Businesses, entrepreneurs and more are capitalizing on Periscope to give fans, customers, etc. and inside look into anything. Often times tweeting out when they will be live streaming ahead of time, then again at the time they go live, businesses can quickly gain a following on Periscope and create a personal bond.

Periscope broadcast

Viewers have the ability to comment in real time, as shown in this screen shot.

For restaurants, there are many opportunities you can stream live on Periscope and involve your customers. A few ideas include:

  • Back of the House Behind the Scenes: To advertise, leave note cards on each of the tables which will be a neat opportunity for guests to see a “behind-the-scenes.”
  • Create an Entree: Advertise beforehand a time when you will be putting this entree together both in the restaurant and on social media. This not only is great for current customers, but may be intriguing to chefs and others around the world to learn about your cuisine and culture.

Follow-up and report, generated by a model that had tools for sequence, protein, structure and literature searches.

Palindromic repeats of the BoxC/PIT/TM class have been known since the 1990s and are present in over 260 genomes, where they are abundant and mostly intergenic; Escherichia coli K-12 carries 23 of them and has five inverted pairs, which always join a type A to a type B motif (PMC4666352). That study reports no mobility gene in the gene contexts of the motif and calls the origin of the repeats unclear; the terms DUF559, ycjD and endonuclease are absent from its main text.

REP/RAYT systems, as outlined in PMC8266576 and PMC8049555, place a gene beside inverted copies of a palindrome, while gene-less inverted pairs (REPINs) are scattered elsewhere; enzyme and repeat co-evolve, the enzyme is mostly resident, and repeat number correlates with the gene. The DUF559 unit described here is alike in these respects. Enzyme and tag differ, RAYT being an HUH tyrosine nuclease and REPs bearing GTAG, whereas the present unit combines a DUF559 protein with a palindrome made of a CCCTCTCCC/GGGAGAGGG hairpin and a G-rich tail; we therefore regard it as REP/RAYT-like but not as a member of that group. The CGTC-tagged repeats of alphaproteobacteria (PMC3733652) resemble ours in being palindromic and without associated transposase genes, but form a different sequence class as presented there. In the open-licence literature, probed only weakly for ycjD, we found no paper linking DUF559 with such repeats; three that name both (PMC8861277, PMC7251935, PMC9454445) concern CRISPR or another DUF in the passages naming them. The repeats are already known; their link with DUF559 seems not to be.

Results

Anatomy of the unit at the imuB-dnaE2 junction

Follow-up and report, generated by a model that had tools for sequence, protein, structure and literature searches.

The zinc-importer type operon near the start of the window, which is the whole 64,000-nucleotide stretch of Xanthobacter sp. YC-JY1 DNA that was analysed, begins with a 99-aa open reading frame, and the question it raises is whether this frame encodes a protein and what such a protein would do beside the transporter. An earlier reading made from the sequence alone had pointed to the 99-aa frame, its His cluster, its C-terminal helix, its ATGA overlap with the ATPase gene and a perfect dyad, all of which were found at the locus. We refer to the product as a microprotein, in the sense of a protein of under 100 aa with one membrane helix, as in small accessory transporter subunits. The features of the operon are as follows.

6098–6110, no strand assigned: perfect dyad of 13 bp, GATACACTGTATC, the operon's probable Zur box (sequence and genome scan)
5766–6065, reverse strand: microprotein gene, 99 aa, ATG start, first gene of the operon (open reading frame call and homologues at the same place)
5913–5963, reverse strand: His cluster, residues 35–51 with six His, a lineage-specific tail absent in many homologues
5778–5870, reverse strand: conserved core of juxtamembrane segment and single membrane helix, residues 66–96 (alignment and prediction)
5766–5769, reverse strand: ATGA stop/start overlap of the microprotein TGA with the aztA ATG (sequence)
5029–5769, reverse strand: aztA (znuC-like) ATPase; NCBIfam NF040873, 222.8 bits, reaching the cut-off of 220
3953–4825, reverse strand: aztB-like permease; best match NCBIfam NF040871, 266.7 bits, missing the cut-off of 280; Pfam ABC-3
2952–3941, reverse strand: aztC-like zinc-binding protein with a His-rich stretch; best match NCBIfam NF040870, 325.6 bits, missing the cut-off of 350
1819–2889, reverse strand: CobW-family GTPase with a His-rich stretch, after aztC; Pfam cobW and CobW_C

• “A Day in the Life:” Are you popular with your customers? Do you have a large following? Give people a glimpse in the day in the life of you. You don’t live in that kitchen. (Well, almost.)
  • Host a Q&A Session: Choose a topic pertinent to your foodservice operation then host a Q&A. This will allow your guests or peers to learn more about whatever you are interested in sharing.
  • Chat with Regulars: Share a quick experience with followers or anyone that wants to find you with one of your regulars. Speak with them ahead of time, but if they are on board just have a quick conversation, share a laugh, anything with them! People will enjoy seeing that and will think of you the next time they’re in town, or if in town and looking for a great place to eat.
  • Use as a Teaching Opportunity: Host sessions to help your guests with tasks they can do in their own kitchen. For example how to cut properly, benefits of a good knife, cooking techniques and more.